The Data-Analysis-Decision-Action process in A Spy’s Guide To Thinking isn’t static. It isn’t something you do one time. It’s born from Boyd’s OODA Loop.
As a loop, you cycle through the DADA process as many times as you can. After you act, you observe the results. You collect new data. You feed the new data into your analysis. So you make better decisions each time around.
You get feedback. And you use it to inform what you do next.
You can have a problem at any of the stages. You can have a problem getting data that feeds into an analytical framework that will inform a better decision. You can have a problem getting to a decision that leads to action. But without good data, the rest of it won’t happen.
Data can be bad for a lot of reasons. Data can be anecdotal and not represent the whole. Data can be the result of someone else’s action rather than yours. And people can send you false data in order to mislead you, like when a fighter feints with his left to open you up to his right.
When you’re collecting data, you want at least three things:
1. Enough datapoints to get past the sample size problem.
2. Data tied as closely to your actions as possible.
3. When you’re collecting data on people, you want data that results from a self-interested action to minimize the chance that the data is misleading.
(Should I write a book called A Spy’s Guide To Data? If so, email me at firstname.lastname@example.org and put “A Spy’s Guide To Data” in the subject line).
Authors who publish on Kindle get several streams of data. You get sales reports. You get reader reviews. And you also get a stream of data via the “popular highlights” section. Kindle will tell you which sections of your book have been most highlighted by readers.
For A Spy’s Guide To Thinking, the most highlighted sentence was: “The best way to win a zero-sum game is to be good at positive-sum games." (2,370 highlights as of today)
For A Spy’s Guide To Strategy, the most highlighted section was: "Most strategies fail because they don't follow what game theorists Dixit and Nalebuff call the First Rule of Strategy. It's a simple rule: Look forward and reason backward." (222 highlights as of today)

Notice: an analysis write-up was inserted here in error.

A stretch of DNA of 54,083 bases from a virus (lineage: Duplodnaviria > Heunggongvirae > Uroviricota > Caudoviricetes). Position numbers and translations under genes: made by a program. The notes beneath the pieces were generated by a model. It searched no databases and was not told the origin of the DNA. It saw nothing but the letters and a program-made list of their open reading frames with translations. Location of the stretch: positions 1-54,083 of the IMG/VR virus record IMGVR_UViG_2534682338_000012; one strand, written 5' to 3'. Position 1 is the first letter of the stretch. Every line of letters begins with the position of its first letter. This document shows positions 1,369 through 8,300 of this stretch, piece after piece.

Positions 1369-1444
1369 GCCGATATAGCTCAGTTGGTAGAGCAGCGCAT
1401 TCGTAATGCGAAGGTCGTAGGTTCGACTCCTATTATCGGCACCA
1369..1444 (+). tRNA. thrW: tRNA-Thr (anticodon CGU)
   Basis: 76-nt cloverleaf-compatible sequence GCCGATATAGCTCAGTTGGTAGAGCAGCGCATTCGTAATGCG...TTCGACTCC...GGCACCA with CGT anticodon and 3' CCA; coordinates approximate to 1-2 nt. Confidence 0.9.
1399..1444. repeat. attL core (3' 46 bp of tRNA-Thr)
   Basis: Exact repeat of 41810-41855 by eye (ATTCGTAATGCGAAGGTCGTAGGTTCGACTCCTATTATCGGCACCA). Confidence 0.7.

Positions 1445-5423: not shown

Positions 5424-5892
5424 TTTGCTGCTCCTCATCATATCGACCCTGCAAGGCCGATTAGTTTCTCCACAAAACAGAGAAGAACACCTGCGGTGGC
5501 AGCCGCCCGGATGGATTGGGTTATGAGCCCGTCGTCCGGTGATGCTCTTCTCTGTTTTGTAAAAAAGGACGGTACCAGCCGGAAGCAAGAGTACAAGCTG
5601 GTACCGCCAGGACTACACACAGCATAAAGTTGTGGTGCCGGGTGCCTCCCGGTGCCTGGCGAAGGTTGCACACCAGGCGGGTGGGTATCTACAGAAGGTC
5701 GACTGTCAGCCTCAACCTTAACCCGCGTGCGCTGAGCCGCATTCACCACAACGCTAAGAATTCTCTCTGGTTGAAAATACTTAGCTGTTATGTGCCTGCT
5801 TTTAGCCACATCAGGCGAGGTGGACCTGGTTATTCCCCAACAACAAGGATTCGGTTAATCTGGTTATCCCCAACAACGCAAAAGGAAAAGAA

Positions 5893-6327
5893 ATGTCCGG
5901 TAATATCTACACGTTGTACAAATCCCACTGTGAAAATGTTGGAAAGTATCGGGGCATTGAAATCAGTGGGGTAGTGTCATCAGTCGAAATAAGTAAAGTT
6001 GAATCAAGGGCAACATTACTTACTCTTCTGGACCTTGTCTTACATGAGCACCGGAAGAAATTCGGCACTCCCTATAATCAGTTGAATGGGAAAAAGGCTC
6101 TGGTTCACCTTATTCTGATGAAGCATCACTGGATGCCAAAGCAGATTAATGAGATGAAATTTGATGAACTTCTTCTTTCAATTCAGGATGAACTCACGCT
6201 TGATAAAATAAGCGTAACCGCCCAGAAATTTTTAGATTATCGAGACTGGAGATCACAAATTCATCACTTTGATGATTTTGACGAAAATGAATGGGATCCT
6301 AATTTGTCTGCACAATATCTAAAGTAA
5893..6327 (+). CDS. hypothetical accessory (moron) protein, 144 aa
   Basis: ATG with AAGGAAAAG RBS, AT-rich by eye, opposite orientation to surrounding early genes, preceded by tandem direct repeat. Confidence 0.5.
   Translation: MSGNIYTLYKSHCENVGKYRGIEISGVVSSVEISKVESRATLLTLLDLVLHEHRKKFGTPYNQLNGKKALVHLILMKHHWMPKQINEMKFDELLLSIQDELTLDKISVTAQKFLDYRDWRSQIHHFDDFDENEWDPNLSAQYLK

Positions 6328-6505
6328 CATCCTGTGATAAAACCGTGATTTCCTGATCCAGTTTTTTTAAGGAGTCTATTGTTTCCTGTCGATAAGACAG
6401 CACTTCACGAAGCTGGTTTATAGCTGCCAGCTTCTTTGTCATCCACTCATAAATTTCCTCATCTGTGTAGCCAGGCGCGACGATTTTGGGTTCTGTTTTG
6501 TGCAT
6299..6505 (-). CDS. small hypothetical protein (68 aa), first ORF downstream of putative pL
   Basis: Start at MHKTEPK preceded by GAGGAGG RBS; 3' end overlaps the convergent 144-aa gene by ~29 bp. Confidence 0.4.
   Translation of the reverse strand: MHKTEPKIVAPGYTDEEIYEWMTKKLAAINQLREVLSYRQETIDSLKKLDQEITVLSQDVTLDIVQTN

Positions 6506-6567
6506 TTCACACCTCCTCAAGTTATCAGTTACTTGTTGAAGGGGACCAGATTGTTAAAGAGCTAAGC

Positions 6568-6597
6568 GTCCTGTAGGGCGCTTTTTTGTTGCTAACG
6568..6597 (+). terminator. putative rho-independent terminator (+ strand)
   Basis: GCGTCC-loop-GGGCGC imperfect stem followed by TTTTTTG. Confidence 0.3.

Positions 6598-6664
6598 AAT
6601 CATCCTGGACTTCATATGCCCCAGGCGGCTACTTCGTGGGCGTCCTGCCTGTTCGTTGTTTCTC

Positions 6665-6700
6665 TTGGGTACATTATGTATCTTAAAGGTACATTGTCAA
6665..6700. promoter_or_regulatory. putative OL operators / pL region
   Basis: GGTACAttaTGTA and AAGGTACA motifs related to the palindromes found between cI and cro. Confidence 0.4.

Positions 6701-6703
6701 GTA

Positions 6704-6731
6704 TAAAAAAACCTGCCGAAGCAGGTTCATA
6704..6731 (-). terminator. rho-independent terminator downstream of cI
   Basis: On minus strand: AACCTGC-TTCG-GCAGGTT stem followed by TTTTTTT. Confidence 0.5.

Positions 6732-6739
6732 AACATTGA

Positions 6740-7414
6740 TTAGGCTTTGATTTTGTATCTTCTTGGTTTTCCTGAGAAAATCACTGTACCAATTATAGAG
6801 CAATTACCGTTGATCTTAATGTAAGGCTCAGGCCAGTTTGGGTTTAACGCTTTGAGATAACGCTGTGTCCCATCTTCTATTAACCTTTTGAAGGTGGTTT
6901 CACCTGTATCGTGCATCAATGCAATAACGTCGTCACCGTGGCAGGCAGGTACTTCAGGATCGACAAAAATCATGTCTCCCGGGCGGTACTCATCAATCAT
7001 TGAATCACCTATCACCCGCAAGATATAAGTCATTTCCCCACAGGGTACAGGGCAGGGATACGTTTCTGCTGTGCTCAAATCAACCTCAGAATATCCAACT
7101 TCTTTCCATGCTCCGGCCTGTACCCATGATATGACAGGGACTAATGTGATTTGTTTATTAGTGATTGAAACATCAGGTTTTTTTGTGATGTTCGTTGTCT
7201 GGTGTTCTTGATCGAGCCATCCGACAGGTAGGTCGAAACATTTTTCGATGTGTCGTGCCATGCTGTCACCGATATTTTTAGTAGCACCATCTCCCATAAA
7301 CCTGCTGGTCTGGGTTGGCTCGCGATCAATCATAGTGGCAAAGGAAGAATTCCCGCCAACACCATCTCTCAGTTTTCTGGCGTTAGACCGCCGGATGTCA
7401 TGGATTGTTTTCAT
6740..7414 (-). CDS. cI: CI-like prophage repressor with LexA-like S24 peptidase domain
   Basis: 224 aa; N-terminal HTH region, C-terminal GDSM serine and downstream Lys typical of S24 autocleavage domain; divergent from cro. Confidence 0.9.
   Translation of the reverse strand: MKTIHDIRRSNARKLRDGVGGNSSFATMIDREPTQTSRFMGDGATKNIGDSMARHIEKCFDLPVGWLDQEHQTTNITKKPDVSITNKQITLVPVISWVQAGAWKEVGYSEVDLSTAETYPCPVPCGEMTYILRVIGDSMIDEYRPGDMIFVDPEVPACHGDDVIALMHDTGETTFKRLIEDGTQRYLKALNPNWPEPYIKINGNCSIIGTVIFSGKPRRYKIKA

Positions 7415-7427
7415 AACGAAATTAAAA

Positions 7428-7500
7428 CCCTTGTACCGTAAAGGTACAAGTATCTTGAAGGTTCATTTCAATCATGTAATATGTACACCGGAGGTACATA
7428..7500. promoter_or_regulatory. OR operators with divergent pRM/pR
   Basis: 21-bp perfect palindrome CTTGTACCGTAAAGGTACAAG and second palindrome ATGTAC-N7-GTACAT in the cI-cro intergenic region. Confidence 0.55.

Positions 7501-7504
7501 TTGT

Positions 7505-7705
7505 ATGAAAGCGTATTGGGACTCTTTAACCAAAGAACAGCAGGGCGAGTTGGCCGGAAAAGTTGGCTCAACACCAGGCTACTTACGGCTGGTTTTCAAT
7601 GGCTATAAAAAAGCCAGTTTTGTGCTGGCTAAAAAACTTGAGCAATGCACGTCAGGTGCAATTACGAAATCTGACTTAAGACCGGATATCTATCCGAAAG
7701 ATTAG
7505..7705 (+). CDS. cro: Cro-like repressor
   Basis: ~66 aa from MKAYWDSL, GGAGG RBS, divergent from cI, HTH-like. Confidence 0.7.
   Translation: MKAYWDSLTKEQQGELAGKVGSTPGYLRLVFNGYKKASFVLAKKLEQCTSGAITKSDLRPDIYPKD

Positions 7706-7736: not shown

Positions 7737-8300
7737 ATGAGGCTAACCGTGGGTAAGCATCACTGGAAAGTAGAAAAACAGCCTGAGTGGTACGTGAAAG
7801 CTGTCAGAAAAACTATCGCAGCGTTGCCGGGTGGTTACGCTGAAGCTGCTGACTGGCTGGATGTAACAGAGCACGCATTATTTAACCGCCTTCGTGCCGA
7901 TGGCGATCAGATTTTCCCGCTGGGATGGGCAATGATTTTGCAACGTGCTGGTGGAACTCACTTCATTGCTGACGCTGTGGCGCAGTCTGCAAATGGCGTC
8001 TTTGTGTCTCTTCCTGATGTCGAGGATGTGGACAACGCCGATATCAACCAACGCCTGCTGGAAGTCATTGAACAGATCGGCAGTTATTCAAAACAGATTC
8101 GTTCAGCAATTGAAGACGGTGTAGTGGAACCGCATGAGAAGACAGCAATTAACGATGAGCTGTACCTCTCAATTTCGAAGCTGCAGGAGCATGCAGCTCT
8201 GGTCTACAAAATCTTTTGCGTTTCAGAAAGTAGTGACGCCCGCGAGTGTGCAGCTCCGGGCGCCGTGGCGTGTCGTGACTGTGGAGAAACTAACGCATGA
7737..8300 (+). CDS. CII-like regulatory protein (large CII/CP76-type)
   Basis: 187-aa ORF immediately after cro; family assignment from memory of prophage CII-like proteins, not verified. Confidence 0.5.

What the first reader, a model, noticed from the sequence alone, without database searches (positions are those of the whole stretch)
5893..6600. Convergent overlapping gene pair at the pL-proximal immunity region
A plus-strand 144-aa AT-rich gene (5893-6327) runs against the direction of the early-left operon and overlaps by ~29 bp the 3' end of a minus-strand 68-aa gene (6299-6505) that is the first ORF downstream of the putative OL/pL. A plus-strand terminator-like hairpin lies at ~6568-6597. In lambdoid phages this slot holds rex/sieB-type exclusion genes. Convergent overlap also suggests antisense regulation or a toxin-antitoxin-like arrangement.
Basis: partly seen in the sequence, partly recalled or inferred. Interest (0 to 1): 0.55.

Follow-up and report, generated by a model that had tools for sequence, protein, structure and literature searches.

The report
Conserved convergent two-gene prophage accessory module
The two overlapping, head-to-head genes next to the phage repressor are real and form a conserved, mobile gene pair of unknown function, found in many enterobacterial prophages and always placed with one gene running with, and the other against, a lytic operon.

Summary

The “popular highlights” data meets all three of the above requirements for good data:
1. It gives authors lots of datapoints (Hundreds or thousands of highlights, much better than a dozen or so newspaper reviews).
2. It’s direct feedback on an author’s writing (unlike sales data, which can be skewed by marketing, cover design, and other factors).
3. It results from a self-interested action (readers are highlighting the passage for themselves, not for the author).
It’s good data, so then what?
How do we analyze it in a way that fits into a decision and action?
Here’s where it’s important to remember something about the Data-Analysis-Decision-Action process: “Good thinkers, including intelligence agencies, don’t start with data . . . Intelligence agencies start with the decision. Like scientists start with the hypothesis. That’s how we know what we’re looking for.” (from A Spy's Guide To Thinking).
You start with the decision. You don’t start with the data.
People who start with data are like the drunk looking for his lost wallet under the streetlamp. Just because it’s easier to see in a certain place doesn’t mean the answer is there.
You start with the decision. You ask questions that will inform your decision. Then you go to the data.
Now that we know the “popular highlights” section on Kindle is good data, does that data help us answer any questions we already have?
When you write books, your biggest question is always the same: “What do readers want to read next?”
The most popular highlight in Thinking was about zero-sum and positive-sum games.
Those elements were already going to be in the Strategy book. But with the data from Thinking, I emphasized zero-sum and positive-sum games even more.
And knowing “Look forward and reason backward” was the top highlight of the Strategy book, that became an important element of my fiction book for teens The Adventures of Young John Quincy Adams: Sea Chase.
The decision was to give readers what those highlighted concepts in the next book. Turning decision into action was easy.
I wrote them in.
Another data source for me is what you say in the reviews at Amazon.
If you’d like to leave a review for A Spy’s Guide To Thinking, you can do it here.
If you’d like to leave a review for A Spy’s Guide To Strategy, you can do it here.
If you’d like to leave a review for The Adventures of Young John Quincy Adams: Sea Chase, you can do it here.